Pledge of Allegiance isn’t representative of all American people

Published by adviser, Author: Cheyenne Jackson - Commentary, Date: September 10, 2015


The opinions, beliefs and viewpoints expressed by the various authors on The Rocket opinion pages do not necessarily reflect the opinions, beliefs and viewpoints of The Rocket or The Rocket staff

It’s time to can the Pledge of Allegiance.

Reciting the Pledge of Allegiance has always left a bitter taste in my mouth. I was 17 when I took the initiative to stop participating in the morning school ritual.

“Please stand for the Pledge of Allegiance.” I stayed sitting.

I remember my classmates’ questioning looks. I remember the few looks of disdain. I remember my homeroom teacher fumbling with the decision to send me to the principal’s office. Some of my peers asked me why. I tried to explain to them the history of the pledge and what I felt it truly stood for only to receive responses of “Who cares?” and “You’re disrespecting the soldiers.”

Although the Pledge of Allegiance has become a staple in our culture, we say it most mornings for 13 years and recite it at ceremonies celebrating all things American, the history and true meaning of those words, to me, feels anything but American.

In the late 19th century, Francis Bellamy sought to write a commemorative pledge for recitation by school children across the country, and further pushed the pledge onto them by using the 400th anniversary of Christopher Columbus’ arrival to the Americas as a selling point. He wrote:

“I pledge allegiance to my Flag and the Republic for which it stands, one nation, indivisible, with liberty and justice for all.”

The original is slightly shorter and most notably lacks the words “under God.” The pledge was very popular and received minor changes over the coming years. It was not until 1954 that President Eisenhower instituted the words “under God” into our flag code. This was done to separate America from the communist and secular Russia during the Cold War.

I think there are already some obvious issues with the Pledge just by looking at the history. Firstly, the pledge was written to commemorate Christopher Columbus, a known murderer, slave owner and sex trafficker, responsible for destroying the land and lives of thousands of native people in the “New World.” The words “under God” are a clear breach of separation of church and state. When Eisenhower sculpted those words into our flag code, he made an establishment of religion, and anyone who fought against the addition of those words was a “commie.” Finally, those words were instituted out of fear. Fear of communism and the collapse of “American Values.” Why are so many Americans fighting to keep this pledge which so clearly represents a murderer and saying that it is unconstitutional?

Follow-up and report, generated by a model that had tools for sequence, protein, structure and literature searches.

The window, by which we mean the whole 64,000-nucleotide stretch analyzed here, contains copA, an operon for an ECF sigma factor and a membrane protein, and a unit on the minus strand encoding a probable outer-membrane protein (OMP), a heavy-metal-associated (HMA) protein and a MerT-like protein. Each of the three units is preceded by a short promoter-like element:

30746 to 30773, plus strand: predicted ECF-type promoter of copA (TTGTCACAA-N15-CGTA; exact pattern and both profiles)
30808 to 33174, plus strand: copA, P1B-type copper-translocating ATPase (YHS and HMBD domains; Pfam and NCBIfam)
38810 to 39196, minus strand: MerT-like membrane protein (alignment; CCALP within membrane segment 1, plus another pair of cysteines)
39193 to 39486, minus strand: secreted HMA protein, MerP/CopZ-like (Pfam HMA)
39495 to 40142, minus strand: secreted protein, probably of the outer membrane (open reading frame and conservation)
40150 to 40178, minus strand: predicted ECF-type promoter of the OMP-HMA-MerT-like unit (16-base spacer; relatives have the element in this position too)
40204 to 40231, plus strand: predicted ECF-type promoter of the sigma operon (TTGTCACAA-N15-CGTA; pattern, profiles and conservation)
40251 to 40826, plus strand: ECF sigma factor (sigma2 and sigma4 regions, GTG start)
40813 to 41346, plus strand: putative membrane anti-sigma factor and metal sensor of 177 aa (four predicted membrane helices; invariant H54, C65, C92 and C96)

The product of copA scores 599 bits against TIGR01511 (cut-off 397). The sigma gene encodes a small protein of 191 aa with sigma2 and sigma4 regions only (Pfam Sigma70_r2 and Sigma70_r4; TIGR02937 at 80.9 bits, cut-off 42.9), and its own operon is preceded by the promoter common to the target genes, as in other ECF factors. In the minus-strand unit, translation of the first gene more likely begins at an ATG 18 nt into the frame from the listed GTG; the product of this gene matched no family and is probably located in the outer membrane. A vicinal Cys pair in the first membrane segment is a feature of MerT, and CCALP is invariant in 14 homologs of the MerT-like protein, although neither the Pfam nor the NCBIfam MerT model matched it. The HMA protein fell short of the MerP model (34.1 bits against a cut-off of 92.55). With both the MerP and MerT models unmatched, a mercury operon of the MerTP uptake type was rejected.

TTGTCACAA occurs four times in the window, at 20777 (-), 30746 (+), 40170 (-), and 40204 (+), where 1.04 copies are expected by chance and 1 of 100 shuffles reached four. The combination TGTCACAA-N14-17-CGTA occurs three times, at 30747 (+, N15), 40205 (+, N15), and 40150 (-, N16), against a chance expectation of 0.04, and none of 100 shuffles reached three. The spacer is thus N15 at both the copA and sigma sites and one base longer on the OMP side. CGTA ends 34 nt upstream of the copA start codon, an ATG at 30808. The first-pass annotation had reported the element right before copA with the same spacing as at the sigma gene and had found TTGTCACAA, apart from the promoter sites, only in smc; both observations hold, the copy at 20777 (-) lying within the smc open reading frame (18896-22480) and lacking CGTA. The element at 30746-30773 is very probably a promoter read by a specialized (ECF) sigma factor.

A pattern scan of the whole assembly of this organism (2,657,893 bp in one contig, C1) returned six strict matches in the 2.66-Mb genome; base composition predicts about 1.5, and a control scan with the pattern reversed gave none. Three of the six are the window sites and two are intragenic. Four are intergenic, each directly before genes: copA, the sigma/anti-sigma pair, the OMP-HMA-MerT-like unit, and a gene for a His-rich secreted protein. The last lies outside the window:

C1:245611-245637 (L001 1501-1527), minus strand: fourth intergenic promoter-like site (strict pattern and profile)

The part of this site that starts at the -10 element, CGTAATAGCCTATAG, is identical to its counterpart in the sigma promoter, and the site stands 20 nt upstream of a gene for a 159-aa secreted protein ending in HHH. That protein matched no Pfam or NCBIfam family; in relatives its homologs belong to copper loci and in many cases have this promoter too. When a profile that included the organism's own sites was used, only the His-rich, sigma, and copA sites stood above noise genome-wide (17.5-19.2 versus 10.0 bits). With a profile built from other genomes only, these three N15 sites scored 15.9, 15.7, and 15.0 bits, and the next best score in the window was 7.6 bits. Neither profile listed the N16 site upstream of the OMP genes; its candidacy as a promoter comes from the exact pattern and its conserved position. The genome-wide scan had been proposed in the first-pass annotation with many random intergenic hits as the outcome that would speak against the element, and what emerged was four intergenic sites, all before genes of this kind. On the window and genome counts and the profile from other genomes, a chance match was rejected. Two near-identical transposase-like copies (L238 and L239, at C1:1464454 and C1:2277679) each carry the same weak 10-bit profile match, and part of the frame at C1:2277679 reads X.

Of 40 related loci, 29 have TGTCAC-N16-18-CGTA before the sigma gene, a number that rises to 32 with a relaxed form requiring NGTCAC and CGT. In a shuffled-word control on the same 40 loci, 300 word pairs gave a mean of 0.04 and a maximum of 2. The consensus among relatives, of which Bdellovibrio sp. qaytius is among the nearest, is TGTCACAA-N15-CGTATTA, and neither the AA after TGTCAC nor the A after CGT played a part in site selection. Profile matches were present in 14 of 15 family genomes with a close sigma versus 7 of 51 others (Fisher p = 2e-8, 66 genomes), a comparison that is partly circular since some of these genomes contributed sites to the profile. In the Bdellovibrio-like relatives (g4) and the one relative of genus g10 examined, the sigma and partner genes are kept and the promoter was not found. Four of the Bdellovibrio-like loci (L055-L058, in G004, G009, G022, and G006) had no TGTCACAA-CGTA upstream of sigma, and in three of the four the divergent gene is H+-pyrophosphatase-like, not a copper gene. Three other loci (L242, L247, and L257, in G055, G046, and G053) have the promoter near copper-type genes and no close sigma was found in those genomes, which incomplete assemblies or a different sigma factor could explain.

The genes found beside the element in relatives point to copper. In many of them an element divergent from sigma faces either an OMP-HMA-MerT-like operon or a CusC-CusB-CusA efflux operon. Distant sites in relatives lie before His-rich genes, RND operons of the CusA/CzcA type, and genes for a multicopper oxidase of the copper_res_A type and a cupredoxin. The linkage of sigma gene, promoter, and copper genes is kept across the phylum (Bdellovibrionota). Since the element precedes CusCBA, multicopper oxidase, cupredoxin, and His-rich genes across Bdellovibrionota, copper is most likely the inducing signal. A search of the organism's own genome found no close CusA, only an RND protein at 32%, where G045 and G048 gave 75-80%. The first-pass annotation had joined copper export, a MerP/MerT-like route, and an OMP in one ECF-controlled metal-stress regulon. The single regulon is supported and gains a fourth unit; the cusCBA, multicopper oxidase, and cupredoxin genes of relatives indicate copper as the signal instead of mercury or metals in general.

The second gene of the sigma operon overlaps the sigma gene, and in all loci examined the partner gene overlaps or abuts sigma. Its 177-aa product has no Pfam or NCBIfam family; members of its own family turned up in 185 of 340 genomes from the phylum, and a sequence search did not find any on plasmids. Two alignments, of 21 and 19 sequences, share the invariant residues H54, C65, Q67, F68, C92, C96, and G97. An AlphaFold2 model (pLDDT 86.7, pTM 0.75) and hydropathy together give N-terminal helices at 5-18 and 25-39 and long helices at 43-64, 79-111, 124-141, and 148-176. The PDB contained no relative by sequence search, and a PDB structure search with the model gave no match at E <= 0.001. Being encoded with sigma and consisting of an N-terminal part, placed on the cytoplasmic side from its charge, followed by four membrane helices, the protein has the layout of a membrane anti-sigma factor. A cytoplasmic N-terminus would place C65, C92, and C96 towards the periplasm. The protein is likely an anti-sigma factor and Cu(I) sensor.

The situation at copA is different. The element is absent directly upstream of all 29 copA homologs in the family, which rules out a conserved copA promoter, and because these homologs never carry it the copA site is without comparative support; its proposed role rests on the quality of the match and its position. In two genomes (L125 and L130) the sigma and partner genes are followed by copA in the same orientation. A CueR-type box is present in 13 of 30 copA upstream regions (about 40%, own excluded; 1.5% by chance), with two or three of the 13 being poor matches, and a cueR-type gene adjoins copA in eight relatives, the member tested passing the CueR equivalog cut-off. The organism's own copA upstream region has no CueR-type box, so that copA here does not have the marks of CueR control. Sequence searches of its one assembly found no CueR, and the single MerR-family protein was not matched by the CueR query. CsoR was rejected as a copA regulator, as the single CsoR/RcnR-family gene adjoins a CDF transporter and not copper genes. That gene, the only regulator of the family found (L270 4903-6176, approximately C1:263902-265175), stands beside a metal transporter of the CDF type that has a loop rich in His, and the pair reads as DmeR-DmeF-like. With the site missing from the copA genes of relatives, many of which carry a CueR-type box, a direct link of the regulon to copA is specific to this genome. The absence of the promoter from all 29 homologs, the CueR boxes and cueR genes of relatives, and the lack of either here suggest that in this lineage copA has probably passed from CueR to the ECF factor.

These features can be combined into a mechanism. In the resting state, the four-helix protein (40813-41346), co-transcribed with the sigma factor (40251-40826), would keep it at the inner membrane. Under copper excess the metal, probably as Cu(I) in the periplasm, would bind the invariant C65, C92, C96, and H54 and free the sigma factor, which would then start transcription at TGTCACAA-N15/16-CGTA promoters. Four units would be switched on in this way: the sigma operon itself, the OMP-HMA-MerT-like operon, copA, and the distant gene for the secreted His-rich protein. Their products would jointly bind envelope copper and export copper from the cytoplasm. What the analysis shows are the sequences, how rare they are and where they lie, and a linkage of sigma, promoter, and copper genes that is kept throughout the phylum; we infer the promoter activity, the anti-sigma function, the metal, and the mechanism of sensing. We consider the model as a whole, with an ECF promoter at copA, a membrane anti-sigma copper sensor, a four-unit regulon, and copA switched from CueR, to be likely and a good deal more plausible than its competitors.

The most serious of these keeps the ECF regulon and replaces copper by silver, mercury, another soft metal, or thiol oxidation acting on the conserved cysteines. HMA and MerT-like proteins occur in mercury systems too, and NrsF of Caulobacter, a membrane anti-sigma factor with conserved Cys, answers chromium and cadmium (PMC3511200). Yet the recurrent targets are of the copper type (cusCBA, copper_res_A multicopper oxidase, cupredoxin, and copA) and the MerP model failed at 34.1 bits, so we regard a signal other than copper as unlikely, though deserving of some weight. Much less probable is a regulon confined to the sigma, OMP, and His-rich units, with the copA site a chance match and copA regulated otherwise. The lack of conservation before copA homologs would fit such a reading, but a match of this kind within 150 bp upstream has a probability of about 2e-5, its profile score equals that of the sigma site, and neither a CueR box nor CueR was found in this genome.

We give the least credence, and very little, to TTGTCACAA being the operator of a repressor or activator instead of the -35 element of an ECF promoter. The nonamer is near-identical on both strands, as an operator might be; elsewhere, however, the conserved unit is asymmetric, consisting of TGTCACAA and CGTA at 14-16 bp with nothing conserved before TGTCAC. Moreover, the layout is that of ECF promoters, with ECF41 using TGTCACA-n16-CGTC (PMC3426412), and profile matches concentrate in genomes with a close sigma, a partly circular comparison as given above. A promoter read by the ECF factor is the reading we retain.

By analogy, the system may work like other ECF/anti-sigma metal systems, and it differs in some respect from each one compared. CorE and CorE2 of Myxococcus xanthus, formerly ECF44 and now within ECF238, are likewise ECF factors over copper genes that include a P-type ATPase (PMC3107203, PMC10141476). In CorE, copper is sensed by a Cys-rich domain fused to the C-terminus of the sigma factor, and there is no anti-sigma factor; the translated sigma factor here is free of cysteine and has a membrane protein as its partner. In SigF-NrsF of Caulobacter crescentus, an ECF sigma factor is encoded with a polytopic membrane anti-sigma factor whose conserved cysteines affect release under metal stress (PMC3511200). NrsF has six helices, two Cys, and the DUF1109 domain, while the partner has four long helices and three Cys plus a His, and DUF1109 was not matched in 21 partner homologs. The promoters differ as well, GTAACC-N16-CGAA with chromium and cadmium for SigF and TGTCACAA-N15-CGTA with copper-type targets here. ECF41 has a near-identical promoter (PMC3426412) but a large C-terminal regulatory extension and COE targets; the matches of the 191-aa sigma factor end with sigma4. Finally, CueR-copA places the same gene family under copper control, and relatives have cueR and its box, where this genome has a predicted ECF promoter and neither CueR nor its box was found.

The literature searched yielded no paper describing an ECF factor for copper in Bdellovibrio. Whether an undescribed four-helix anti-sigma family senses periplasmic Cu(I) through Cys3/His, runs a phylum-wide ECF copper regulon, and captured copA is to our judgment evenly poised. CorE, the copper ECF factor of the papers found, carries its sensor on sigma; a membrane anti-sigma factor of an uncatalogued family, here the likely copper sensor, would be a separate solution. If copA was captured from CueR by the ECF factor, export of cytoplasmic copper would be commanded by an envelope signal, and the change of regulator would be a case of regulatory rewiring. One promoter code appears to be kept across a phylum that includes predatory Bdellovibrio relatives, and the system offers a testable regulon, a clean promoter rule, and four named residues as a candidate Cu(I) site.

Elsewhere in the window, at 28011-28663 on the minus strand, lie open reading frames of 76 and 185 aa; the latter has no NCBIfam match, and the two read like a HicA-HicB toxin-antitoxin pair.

My distaste for the pledge is deeper, though. It is rooted in something much less noticeable to most Americans. As a black, female, atheist, lesbian, nobody feels that the American dream is more unobtainable than me. Nobody feels more alienated by the conservative values in America. And when I had to stand every morning and say those words, I felt the sting of being different more than ever. When the words “under God” were added, Eisenhower not only made an establishment of religion, he made an establishment of the conservative values that tightly grasp America. The pledge’s potentially great message, that we are one nation united, was ruined by those words. The placement of the words between one nation and indivisible is an oxymoron. You are only a part of this nation if you submit to the conservative Christian agenda.

Yet, ironically, the right wing which routinely strives to keep the pledge is likely unaware, or ignores, the fact that the original author, Francis Bellamy, was a socialist.

Conservative ideology continues to ignore many of the problems in our country. The Republican Party consistently alienates millions of people. Despite the overwhelming evidence that shows there is discrimination towards minorities and women and despite the clear intent of our founding fathers to keep this nation secular, Republicans uniformly refuse to take steps towards ending the discrimination and often resort to “God” as a reliable source of information for running a country. Slipping the conservative message into the pledge for recitation in schools and ceremonies indoctrinates citizens into believing these out of touch, right-wing ideas.

It is time to get rid of the Pledge of Allegiance. There are thousands of great Americans who deserve commemoration much more so than Christopher Columbus and forcing school children to stand and recite these words is indoctrination into the conservative, right wing agenda. We are one nation united. All of us beautiful and diverse with different beliefs and histories. Rather than a nation unifying under a god, let us have a pledge that recognizes us unifying because we are diverse.



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